These are some of the oldest organisms on Earth, in photographs

Next time you complain about aging, have a thought for these incredible organisms! Since 2004, Brooklyn-based artist Rachel Sussman has researched, collaborated with biologists and ‘braved some of the world’s harshest climates from Antarctica to the Mojave Desert in order to photograph the oldest continuously living organisms on Earth’. So what does this collection include?

An 80,000-year-old plant (with a ‘massive root system’), a Japanese cedar tree between 2,180 and 7,000 years old, and 5,500-year-old Antarctic moss. Sussman even gave a TED talk on her project, which is also pretty incredible to watch.

Via This is Colossal

An underground forest in South Africa's Pretoria region, which was 13,000 years old before it 'died'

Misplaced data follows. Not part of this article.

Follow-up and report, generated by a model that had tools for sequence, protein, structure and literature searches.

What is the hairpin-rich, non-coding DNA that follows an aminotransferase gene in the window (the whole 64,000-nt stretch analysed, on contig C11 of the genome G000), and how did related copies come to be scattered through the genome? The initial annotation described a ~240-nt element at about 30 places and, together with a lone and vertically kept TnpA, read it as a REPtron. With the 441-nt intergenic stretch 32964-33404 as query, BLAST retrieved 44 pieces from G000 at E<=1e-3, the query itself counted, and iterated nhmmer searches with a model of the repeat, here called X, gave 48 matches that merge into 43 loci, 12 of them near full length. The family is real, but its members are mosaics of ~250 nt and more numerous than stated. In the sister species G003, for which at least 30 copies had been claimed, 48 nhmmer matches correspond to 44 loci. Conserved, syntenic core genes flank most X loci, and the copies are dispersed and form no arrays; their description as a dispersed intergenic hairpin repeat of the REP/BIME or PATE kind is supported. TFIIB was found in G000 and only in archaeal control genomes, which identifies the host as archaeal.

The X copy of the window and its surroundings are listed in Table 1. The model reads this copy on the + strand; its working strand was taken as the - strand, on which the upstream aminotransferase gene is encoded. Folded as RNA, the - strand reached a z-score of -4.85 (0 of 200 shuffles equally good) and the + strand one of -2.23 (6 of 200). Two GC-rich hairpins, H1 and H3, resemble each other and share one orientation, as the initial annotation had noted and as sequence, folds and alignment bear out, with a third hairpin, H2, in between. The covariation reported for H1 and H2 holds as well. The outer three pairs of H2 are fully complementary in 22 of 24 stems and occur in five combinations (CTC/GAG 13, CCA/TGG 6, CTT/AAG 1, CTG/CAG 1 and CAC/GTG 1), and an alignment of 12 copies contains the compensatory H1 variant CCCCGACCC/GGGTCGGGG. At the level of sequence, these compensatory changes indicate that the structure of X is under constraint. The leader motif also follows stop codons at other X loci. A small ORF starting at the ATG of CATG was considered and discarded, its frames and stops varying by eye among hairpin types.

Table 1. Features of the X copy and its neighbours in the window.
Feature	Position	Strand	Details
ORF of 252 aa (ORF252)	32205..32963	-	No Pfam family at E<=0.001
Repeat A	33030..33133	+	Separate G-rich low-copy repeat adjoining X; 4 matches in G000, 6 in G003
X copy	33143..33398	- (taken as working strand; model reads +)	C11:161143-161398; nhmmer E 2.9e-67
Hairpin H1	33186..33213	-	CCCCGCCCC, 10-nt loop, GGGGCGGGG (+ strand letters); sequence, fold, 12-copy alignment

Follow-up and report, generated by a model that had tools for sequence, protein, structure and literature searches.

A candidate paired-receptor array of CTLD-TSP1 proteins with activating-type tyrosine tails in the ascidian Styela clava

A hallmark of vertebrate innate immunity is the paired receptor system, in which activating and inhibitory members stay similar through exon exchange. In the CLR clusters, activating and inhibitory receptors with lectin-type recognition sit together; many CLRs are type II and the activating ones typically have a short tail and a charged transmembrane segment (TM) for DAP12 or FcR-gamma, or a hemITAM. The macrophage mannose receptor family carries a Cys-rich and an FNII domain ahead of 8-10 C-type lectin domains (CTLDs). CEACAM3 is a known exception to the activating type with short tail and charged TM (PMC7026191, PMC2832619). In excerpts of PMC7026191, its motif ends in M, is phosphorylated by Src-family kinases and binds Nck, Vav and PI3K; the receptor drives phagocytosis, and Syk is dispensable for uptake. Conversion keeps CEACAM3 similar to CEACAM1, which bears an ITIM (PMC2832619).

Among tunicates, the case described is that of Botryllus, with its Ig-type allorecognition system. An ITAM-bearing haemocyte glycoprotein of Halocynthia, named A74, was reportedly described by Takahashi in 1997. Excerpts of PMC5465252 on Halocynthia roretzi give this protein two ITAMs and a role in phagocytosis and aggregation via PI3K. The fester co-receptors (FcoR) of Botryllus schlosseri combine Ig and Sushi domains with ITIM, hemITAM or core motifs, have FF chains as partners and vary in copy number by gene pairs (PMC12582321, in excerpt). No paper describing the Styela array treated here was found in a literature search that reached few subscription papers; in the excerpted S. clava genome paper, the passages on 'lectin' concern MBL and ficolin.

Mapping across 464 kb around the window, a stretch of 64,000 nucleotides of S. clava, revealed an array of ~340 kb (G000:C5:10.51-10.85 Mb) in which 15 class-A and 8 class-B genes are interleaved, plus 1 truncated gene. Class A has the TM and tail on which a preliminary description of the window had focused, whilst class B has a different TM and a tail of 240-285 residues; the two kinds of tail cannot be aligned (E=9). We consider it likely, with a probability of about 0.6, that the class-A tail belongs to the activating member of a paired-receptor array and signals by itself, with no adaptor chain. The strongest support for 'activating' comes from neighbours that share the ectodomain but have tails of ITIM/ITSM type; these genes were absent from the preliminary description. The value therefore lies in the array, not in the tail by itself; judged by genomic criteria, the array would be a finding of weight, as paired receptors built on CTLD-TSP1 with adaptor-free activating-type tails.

A Japanese Cedar tree that is estimated to be as old as 7,000 years, in Yakushima, Japan
5,500-year-old moss sits on Elephant Island in Antarctica
Located in Sweden, this Spruce Grab Picea is estimated to be 9,550 years old
Found in Namibia, the Welwitschia Mirabilis is thought to be 2,000 years old

About the author

Rachel Oakley is an Aussie writer based in NYC with an obsession for the creepy, cool and quirky side of life. Some of her main passions include philosophy, art, travel, and sarcasm.